April update: Violence against journalists continues

April is shaping up to be a bad month for journalists in Mexico. Continue reading

Brad Will’s parents announce indy investigation into journo’s death

The one-year anniversary of the death of Brad Will will be marked today in New York, Oaxaca and no doubt other places around the world.Kathy and Hardy Will, parents of the Indymedia journalist Brad Will who was shot dead in Oaxaca more than a year ago, have branded the Mexican investigation into the journalist’s death “frustrating and disappointing” for its failure to find those responsible.

Will was shot dead by plain-clothed armed men on October 27th 2006 whilst covering the social disturbances in Oaxaca surrounding a teacher’s strike. The killing brought the death-toll of journalists in Mexico in 2006 to nine – the county is experiencing increasingly high levels of violence against journalists. It was purported to be the second most dangerous place to work in the world as a journalist after Iraq in 2006.

An investigation at the end of last year by the Attorney General on the case suggested that Will had been shot at close range. But Kathy and Hardy Will dismissed those findings as “illogical and irrational” and have announced that the American non-governmental organisation Physicians for Human Rights (PHR) will conduct an independent investigation. Continue reading

Video: the shooting of Brad Will

It occurred to me that many of you may as yet have not seen the last few minutes of the life of journalist Brad Will – he taped his own shooting. It is strong stuff: be warned. This is a link to the video on YouTube.

Oaxaca Reporters Tell of Life in the Trenches

‘Alternative media’ in Oaxaca, Mexico, means graffiti, not the internet. Nancy Davies comments on the latest meeting of Oaxacan journalists this weekend on NarcoNews.com. Many issues were discussed, including the lack of unity amongst journalists and the increasing violence against the profession.

Local expats unhappy over Oaxaca story

This is an exact copy of the story published in the News today that originated from yesterday’s blog post, which you can read here. This version includes comments from the author of the Washington Post article in question. The News does not yet have a website. You can see reader comments on the initial post, linked above. Continue reading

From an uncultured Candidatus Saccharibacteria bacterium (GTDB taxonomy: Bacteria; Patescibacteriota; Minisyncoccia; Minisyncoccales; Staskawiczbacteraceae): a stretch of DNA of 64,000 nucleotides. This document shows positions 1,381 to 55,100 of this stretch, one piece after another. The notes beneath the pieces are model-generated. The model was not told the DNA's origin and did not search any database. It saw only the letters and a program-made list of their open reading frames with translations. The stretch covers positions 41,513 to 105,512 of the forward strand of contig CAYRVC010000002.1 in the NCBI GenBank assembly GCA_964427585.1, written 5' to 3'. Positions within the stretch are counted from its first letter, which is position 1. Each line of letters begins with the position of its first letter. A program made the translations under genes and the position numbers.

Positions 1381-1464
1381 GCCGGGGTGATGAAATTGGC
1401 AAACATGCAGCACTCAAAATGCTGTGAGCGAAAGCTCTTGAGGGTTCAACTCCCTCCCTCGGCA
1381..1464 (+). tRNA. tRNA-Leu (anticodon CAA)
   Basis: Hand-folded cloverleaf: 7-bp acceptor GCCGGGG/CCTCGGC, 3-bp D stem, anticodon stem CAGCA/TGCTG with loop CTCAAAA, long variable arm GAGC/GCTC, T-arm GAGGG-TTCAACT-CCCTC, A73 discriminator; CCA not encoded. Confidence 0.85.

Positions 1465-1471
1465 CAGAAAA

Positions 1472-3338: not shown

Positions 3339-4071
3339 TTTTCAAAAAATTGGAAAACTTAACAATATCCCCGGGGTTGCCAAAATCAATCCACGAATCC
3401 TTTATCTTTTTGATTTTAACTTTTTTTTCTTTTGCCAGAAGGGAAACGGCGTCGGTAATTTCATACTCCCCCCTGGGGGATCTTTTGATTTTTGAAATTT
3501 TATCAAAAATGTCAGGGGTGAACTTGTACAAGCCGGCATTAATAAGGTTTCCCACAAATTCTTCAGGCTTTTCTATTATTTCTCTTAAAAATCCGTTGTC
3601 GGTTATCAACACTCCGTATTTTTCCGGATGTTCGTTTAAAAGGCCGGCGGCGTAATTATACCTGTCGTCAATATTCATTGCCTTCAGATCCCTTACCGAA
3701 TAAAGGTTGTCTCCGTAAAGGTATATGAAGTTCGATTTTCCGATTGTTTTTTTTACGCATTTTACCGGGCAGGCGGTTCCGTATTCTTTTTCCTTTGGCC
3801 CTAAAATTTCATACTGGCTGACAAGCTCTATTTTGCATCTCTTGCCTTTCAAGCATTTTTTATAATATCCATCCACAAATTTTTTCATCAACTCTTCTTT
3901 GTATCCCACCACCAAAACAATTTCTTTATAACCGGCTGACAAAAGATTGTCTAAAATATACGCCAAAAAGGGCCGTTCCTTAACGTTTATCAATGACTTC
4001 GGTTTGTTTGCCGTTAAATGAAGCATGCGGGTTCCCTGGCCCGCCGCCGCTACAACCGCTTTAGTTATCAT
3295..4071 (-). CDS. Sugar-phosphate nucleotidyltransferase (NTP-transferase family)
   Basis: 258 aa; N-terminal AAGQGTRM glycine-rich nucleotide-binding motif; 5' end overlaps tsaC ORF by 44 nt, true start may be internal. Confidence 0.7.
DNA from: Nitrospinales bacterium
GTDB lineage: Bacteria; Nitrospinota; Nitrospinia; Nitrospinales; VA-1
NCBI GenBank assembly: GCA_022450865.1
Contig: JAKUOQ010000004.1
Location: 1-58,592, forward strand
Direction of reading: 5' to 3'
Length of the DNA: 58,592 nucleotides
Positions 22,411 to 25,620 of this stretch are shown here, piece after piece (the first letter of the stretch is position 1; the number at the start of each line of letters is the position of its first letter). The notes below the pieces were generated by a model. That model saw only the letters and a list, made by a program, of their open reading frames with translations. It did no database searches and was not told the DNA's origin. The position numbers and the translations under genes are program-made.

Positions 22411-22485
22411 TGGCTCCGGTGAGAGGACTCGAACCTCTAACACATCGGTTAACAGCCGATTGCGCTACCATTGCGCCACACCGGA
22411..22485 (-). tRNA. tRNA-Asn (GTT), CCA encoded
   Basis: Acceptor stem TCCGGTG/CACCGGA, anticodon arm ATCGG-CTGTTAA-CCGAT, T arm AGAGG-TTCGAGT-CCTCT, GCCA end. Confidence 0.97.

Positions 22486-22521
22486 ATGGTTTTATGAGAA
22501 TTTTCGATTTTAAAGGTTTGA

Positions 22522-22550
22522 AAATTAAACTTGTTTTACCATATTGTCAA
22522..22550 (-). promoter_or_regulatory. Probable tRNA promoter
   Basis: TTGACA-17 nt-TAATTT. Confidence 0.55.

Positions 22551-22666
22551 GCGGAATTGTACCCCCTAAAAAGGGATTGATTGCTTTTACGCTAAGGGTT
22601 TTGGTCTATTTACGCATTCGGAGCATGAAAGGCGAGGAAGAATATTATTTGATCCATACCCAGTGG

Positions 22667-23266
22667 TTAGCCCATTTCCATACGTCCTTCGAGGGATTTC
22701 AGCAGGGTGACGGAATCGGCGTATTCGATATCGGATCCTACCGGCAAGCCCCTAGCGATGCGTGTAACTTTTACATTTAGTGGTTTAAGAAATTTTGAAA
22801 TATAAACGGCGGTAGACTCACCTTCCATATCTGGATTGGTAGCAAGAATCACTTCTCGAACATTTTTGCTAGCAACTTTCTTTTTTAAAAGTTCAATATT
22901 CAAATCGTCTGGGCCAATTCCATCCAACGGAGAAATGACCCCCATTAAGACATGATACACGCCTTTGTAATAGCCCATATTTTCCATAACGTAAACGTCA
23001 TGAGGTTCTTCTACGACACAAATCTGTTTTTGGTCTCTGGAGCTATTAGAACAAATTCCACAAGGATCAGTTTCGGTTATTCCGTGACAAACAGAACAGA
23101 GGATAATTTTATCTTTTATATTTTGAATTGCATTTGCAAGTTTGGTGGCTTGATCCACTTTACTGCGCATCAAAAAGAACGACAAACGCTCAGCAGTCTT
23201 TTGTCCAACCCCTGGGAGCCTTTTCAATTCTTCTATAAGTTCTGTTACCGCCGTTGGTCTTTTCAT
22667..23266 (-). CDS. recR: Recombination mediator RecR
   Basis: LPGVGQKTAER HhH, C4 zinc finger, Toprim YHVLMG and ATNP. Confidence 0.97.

Washington Post article on Oaxaca gets a beating

An article published in this weekend’s Washington Post, called “Oaxaca: One Year Later”, has prompted heavy criticism from people living in the southern Mexican state which this time last year was the scene of huge civil unrest and what one critic describes as ‘some of the worst human rights abuses in recent Mexican history; detaining, torturing, and raping men, women, and children who had taken to the streets demanding social and economic justice.’ (Please see comments below for a response from the author).

The writer takes the reader to a number of local restaurants and businesses in Oaxaca, whilst attempting to trace the events of last year, which culminated in the deaths of reportedly as many as 23 people.

But a local film-maker and others living in the city today have attacked the article for its lack of insight into the problems that ravaged Oaxaca tweleve months ago, in which IndyMedia journalist Brad Will was killed, as well as a local teacher and an unconfirmed number of other people. Continue reading

Press Freedom Report Paints Grim Picture for Latin America

Journalists in Latin America continue to be the victims of murders, threats and harassment when investigating sensitive subjects such as corruption and drug trafficking, according to the latest report from the World Association of Newspapers, and media in Mexico remains a target of violent attacks.

The report mentions the three media workers shot dead in Oaxaca in October, which it says were probably a reprisal by drug traffickers for their newspaper’s coverage El Imparcial of organized crime, but doesn’t mention the murders of Amado Ramírez, of Televisa, in Acapulco on 6 April this year and of Saúl Martínez Ortega, of the magazine Interdiario and the daily Cambio de Sonora, on 23 April, which were noted by Reporters Without Borders.

Three journalists have been killed in Columbia this year, and one in each of the following countries: El Salvador, Honduras, Guatemala and Paraguay.

According to the organization, the number of journalists killed in 2007 is approaching the record 110 deaths last year.